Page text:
Diagnosis of 12-Year-Old Boy with Gene Defect Leads to New Avenues for Research in Allergies, Eczema and Asthma

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Inflammation of the skin and esophagus, food allergies, and asthma are just a few of the symptoms a now 12-year-old boy is forced to cope with due to a mutation in his IL-33 gene.

An international team led by Professor Thomas Eiwegger of the Karl Landsteiner Private University for Health Sciences, Krems, are the first to describe this mutation in the human genome that results in multiple allergic disease manifestations and autoimmune disease.

Their description of a single case provides completely new insights into the functions of IL-33, which is considered a central upstream regulator of human immune responses. So far, studies on its function were limited to human-derived in vitro cellular or animal models. This discovery of an overexpression of IL-33 in a human helps to gain new insights into the consequences of its dysregulation in humans. It also opens up potential therapeutic options for affected patients.

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The human body’s type-2 immune response serves to defend against larger pathogens but also represents the hallmark of allergic inflammation. Interleukin 33 (IL-33), a so-called “alarmin” due to its release upon cellular damage, plays a central role in the initiation and regulation of allergic inflammation. Animal models in which its production is genetically up- or down-regulated have contributed to the understanding and suggested functions beyond allergic inflammation – but they allow only limited insight into the conditions in humans. The disease symptoms of a patient with a duplicated IL-33 gene now provide such insight for the first time.

Said Eiwegger:

One of the most striking symptoms of the patient is chronic inflammation of the esophagus, an eosinophilic esophagitis, as well as chronic inflammatory changes of the skin.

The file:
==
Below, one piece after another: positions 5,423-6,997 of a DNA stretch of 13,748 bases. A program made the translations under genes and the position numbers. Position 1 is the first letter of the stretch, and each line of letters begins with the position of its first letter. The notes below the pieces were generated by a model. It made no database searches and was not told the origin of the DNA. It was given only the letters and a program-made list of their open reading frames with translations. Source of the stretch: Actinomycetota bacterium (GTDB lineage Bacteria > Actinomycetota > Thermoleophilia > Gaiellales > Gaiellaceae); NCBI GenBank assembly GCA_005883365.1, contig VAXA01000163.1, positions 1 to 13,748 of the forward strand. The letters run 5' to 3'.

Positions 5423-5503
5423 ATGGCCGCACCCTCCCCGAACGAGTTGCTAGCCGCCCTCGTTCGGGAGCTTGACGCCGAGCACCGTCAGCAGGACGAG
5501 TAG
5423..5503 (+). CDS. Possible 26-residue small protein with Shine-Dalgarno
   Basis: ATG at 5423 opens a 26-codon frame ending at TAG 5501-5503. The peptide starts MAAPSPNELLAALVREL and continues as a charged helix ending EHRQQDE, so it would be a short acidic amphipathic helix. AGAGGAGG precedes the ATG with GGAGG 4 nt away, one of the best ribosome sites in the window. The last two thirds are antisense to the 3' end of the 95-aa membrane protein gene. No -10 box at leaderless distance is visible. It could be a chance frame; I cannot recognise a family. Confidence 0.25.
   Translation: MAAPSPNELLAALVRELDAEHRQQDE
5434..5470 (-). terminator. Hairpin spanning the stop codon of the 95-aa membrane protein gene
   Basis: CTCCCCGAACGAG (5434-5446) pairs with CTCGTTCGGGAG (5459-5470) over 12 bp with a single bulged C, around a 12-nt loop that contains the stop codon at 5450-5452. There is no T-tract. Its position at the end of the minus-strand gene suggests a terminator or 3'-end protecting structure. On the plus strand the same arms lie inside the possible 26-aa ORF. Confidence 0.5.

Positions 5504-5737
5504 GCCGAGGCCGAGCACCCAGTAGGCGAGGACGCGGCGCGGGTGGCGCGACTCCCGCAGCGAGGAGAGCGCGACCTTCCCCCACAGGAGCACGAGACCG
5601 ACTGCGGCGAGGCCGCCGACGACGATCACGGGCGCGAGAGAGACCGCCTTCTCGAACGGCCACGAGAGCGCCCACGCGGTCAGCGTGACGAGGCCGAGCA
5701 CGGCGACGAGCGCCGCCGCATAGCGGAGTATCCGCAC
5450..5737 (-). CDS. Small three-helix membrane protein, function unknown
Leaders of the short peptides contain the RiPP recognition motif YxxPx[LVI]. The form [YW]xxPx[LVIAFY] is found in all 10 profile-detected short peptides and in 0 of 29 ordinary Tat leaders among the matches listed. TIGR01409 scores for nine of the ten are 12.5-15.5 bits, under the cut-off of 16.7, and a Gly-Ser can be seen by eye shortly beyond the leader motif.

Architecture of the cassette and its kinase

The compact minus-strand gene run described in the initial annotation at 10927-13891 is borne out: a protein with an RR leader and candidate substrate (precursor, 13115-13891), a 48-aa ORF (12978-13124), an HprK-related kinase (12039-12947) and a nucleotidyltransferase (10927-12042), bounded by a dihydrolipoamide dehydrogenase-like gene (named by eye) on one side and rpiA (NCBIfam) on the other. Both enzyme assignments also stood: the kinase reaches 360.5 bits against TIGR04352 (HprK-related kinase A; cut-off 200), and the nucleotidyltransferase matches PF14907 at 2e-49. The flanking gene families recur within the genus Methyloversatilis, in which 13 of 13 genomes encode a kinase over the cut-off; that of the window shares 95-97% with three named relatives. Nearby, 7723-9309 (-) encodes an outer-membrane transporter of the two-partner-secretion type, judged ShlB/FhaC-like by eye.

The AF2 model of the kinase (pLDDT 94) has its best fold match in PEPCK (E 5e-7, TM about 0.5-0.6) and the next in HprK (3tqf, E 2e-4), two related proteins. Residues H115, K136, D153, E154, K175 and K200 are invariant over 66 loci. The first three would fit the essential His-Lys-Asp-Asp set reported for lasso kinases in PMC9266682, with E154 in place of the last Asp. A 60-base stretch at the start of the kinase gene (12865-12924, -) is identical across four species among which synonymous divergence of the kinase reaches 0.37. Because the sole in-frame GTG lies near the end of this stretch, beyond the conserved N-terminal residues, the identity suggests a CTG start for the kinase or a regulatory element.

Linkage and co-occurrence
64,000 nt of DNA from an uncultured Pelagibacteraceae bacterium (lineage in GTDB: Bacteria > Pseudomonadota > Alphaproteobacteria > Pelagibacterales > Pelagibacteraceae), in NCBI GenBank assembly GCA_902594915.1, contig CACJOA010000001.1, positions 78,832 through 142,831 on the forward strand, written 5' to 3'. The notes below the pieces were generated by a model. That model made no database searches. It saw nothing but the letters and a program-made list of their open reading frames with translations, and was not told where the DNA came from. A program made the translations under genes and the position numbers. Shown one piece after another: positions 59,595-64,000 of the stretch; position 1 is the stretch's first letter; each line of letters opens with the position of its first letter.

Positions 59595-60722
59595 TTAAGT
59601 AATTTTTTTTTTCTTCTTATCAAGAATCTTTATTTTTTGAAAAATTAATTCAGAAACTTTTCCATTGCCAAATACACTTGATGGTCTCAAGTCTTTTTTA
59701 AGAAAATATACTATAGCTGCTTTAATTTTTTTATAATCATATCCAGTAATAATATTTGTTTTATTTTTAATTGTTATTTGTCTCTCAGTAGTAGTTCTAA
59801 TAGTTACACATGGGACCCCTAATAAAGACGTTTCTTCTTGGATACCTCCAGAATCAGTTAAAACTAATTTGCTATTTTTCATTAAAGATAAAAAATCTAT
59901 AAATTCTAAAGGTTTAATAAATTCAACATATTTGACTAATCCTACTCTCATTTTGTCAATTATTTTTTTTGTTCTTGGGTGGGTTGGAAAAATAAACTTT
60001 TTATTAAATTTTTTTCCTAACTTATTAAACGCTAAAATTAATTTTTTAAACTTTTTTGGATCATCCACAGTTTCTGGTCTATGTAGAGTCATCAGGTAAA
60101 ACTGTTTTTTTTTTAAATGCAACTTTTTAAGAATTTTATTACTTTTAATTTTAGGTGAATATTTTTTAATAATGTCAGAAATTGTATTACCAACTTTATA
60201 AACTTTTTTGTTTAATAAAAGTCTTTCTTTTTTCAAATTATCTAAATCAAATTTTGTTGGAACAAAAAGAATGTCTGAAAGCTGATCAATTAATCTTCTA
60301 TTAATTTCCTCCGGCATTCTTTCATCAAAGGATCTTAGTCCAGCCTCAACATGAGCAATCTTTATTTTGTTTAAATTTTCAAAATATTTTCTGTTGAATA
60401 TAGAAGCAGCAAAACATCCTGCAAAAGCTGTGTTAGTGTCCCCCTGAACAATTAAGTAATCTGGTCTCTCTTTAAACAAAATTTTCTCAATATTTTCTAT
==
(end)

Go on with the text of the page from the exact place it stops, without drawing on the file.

Especially the skin reactions and the inflammation of the esophagus confirm the central role of IL-33 in type-2 immune reactions in tissues exposed to the external environment.

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Food allergies and asthma, as well as inflammatory complications of the broader gastrointestinal tract, also are present in terms of an autoimmune response.

In addition to the inflammatory symptoms, physical abnormalities of the patient were also recorded. These include changes in the cranial bones, the jaw, and the face, as well as delayed weight gain and growth in length with hypermobility of the joints, short-sightedness, and a moderate developmental delay. According to Eiwegger, these are indications of the role of IL-33 in producing more than one effect beyond classical type-2 inflammation.

The extent to which this gene duplication affected the actual concentration of the cytokine IL-33 in the blood and various tissues was interesting. Although there was no increase in IL-33 in the blood, there were significant increases in the tissues of the gastrointestinal tract as well as the skin.

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Said Eiwegger:

The different subcellular localizations of IL-33 in different tissues were also striking. For example, it showed up in the nucleus in inflamed skin tissue, but in the cytoplasm in inflammation-free intestinal tissue.

The team suggests that these results show how tightly IL-33 is regulated locally and point to new explanations for the patient’s tissue-specific disease patterns that could be critical for targeted therapies for diseases in which IL-33 plays a role.

Monoclonal antibodies that bind and remove IL-33 are being investigated as therapeutic options in phase 2 studies for the treatment of asthma, atopic dermatitis, and food allergies – an option that the team also considers worth evaluating here. Thus, this research exemplifies modern precision medicine in which basic science directly impacts clinical decision-making.

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Dave Bloom
Dave Bloom
Dave Bloom is CEO and "Blogger in Chief" of SnackSafely.com.

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